I spent a part of my day today working up an appetite for lunch by shifting one tonne of briquettes for our wood-burning stove from their usual landing place off the D.R. McLeod lorry and into the shed. For those that like to note these things, this was (again) 96 boxes on the pallet, implying 48 return trips, in somewhat autumnal conditions featuring 30+mph average wind speeds coming from the south and a somewhat unwelcome splash or two of rain at the start. Oh – and one butting of the top of my head on the low shed entrance, two-thirds of the way through and about three trips after I had mentally noted that I had not yet banged my head. I never learn.
Following problems at Verdo, which used to supply our briquettes – they sold their Grangemouth manufacturing plant last August while a flood earlier this year wrecked production to the point that it seems it has still not fully recovered – I went looking for a new supplier. Aided by some excellent meta-tagging, I came across Wood Fuel, based in the Queen of the South (where – little-known fact about me – I once (long ago) played bowls while working for a famously no-longer-existing building society.)
Wood Fuel ticked a lot of boxes for me since it’s a co-operative, which means that it not only offered me great customer service, it also does good things for its local community, including for the Dumfriesshire food bank, as well as guaranteeing that its products – and it offers a sizable range of these things – have done as few miles as possible (they’re made in the UK in Herts and by a small family company) and come from sustainably-sourced timber. They also offer briquettes quite a bit cheaper than Verdo, where per-briquette prices (including delivery to these islands) had gone up by over a quarter in two years (yes – I keep a detailed eye on these things).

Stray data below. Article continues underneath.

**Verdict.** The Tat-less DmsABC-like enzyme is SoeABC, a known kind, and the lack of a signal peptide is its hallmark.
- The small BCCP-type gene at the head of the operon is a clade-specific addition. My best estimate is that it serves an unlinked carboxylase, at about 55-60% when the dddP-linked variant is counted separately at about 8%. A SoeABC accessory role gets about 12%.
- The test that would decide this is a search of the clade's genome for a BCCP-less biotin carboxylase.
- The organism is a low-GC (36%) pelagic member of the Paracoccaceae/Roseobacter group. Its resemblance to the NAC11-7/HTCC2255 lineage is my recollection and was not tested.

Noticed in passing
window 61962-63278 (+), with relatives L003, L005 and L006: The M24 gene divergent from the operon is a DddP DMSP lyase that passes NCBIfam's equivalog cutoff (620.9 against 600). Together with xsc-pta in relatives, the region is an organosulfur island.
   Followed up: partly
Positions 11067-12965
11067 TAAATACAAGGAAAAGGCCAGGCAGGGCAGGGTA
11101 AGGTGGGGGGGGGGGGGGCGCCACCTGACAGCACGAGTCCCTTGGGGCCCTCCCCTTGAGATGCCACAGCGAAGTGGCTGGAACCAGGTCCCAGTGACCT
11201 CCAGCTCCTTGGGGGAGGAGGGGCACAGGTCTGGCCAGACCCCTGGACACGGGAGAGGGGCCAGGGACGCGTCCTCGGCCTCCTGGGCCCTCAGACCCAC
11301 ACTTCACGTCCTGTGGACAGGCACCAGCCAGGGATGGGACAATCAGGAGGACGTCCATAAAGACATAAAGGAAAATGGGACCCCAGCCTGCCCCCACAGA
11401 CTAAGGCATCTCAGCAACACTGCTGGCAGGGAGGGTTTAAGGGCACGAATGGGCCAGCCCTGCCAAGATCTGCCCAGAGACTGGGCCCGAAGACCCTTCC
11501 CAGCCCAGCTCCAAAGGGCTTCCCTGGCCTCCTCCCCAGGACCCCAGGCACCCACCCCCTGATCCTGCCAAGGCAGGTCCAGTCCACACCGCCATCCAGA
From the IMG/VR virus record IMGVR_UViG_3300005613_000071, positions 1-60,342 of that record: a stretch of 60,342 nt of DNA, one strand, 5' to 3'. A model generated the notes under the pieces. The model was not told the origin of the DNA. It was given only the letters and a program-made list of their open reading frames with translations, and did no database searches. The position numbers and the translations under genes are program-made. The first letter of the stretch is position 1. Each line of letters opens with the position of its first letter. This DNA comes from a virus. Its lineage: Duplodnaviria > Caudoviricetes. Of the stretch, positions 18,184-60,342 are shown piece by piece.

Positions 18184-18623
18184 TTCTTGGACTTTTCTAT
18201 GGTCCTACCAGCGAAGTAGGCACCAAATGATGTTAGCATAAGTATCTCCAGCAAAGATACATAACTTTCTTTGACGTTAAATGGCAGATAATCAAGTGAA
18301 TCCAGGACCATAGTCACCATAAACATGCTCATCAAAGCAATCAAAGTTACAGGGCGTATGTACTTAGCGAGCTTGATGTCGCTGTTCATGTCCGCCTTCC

Proof of the quality comes with burning and it’s a bit early to report on that just yet. However, I note that the briquettes are hardwood; they come packed in cardboard boxes rather than plastic sleeves; and they look, for a number of technical reasons, a little easier to use than the Verdo ones (which could be slow-burning). Wood Fuel also supply a very helpful A4 leaflet on using the briquettes and getting the best from the stove; and, after being also out of stock when I first contacted them, managed to get them to me within the week and two/three days earlier than expected.
I was particularly pleased to note the use of cardboard boxes to house the briquettes rather than plastic sleeves; we always used to re-use these as bin-liners so they did get one (but only one) extra use: cardboard means not only eliminating that but it also provides us with an additional source of fire-starting material. The drawback is that, despite its strengths, cardboard presents a number of issues when unloading the pallet and storing the boxes, especially since the briquettes are a little different and, consequently, the boxes need to be stacked higher in the shed (they’re up to the roof to ensure I take up no more scarce floor space); while rain is clearly an enemy both to safe storage in this respect as well as to the briquettes themselves (they are made essentially from sawdust and so are, quite evidently, useless when wet.
Today was, briefly, showery – but the pallet comes double shrink-wrapped as well as with a plastic sheet to protect against damp in transit – more of the environment-killing stuff but this is unavoidable in the Uist context and, at least, all that squashed down to an old log bag. Fingers crossed that the boxes’ journey from pallet to shed didn’t compromise them too much. Else my not-so-much leaning wall of briquettes at the back of the shed may yet come tumbling down.
I do like the look of these things not least in that their brittle nature – you can easily break them apart by hand – should mean that they catch quicker once the fire is underway and, quite probably, they could also facilitate some economising on kindling, the need for which remains present with the Verdo ones. We’ll see in the next few weeks but, as long as these go well, I’ll definitely be using Wood Fuel again.